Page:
As the first Saudi Arabian woman to climb Mount Everest, it's no surprise that Raha Moharrak can't stop moving (in addition to Everest, she's climbed seven of the world's highest mountains), but now she wants more Saudi women moving alongside her.
A combination of laws and stigmas prevent women in Saudi Arabia from getting adequate exercise: until February, gyms for women were not allowed in the country, and even female students stop attending phys ed classes by middle school. But Raha is seeking to change that, and she's starting by speaking at schools and even men's forums to raise awareness for women in sports in the Kingdom.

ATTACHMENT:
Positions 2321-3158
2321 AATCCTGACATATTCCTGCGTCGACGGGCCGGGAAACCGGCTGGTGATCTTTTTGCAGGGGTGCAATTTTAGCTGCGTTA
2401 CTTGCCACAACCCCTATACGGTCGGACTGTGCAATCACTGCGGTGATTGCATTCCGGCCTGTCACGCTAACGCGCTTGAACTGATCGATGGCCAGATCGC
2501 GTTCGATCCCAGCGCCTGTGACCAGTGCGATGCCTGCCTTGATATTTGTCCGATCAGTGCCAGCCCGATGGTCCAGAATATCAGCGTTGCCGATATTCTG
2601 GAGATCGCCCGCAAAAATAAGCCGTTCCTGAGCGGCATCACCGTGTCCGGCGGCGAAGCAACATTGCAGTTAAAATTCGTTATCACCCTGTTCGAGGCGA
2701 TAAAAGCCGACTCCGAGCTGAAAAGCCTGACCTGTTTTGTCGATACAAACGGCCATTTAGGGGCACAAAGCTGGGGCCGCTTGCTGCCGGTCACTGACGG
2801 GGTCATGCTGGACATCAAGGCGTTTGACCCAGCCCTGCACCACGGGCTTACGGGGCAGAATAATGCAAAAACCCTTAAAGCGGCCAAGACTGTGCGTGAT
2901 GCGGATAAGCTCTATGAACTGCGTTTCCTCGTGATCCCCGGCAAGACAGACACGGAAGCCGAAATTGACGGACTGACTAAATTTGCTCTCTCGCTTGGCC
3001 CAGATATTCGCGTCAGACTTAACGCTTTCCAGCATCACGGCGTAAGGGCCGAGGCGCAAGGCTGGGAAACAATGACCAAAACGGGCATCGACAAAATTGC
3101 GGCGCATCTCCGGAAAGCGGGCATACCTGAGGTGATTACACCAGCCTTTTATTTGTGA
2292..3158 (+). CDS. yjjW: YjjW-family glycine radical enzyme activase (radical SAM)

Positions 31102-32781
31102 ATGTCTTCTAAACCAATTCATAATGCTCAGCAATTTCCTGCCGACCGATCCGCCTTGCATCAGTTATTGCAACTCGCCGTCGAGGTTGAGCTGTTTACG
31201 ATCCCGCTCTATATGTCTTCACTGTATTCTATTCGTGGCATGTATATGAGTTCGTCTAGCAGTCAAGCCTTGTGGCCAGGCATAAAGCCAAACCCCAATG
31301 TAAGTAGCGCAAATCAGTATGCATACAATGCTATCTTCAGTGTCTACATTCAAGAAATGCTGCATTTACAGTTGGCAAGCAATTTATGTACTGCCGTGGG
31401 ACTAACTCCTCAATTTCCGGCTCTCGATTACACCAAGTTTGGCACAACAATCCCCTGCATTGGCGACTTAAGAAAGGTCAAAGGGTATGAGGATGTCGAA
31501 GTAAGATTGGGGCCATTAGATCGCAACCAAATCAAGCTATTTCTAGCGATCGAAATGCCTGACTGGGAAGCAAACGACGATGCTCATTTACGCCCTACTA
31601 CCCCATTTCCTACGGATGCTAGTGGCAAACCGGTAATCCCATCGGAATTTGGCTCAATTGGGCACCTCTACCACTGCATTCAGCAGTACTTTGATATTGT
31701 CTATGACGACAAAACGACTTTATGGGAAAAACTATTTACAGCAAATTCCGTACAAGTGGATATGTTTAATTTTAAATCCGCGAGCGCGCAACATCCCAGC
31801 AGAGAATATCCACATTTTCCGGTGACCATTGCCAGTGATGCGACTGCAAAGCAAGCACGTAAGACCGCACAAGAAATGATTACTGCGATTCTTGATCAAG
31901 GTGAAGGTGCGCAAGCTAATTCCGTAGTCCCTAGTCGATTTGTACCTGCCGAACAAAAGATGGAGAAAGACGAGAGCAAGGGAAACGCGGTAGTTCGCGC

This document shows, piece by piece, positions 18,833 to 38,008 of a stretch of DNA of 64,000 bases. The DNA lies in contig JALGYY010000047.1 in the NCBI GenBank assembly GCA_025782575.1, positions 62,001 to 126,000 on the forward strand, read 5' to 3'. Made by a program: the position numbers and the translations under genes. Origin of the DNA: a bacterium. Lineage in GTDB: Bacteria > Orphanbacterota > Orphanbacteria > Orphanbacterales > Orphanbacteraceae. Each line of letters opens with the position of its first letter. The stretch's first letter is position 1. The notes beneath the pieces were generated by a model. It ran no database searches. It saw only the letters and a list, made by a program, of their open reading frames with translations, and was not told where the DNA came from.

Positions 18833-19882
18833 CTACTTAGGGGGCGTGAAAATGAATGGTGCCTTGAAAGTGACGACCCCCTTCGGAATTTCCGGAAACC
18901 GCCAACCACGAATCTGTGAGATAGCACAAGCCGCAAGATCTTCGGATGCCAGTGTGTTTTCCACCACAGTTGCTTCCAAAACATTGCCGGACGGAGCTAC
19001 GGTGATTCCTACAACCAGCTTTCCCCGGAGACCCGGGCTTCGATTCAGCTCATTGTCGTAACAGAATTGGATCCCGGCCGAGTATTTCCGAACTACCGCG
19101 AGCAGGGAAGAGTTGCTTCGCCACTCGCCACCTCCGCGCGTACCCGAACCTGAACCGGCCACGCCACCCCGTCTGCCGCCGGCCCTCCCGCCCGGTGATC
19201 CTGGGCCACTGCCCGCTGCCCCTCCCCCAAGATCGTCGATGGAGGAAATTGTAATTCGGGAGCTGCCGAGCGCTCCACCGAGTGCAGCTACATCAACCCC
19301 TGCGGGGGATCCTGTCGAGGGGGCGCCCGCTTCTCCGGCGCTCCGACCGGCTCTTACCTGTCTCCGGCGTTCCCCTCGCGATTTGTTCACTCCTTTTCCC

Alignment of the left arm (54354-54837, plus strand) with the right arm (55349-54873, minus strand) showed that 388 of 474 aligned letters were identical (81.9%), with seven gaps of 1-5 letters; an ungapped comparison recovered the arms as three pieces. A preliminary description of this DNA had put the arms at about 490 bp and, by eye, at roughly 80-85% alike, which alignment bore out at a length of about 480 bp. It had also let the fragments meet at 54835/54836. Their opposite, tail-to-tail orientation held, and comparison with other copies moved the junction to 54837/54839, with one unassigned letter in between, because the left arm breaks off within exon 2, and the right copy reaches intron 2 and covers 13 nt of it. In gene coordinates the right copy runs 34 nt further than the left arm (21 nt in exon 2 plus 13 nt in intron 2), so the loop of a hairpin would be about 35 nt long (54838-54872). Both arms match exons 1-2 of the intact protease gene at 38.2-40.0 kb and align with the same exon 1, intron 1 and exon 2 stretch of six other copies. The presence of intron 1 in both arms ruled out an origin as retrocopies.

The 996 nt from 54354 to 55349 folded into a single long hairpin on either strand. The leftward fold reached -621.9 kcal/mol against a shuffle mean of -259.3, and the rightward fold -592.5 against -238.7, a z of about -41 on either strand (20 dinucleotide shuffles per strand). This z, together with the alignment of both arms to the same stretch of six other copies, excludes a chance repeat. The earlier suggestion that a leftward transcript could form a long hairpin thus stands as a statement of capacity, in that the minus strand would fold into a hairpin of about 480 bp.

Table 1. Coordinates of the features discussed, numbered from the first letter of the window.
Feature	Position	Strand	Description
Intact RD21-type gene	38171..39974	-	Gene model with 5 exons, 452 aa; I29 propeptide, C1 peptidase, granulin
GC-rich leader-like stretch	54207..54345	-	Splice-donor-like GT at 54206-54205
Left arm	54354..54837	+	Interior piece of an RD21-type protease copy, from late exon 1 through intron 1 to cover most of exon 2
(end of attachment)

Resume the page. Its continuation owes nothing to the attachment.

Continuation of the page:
"I'm really trying to change this mentality that sports is just for boys, sports is just football and medals and winning," she told CNNMoney in an interview. "It's not that. Which parent would not want their child to grow up healthy?"
For Raha herself, training was difficult growing up. First, she had to convince her father to allow her to climb, and when she finally did get the support of her family, she had to train outside of Saudi Arabia. "The reason why I started climbing was because I didn't wanna end up where I was expected to," she said. "It meant that I did something that was different and I'm pushing mentalities. You won't get criticized if you fit in the mold. You only get criticized when you're different."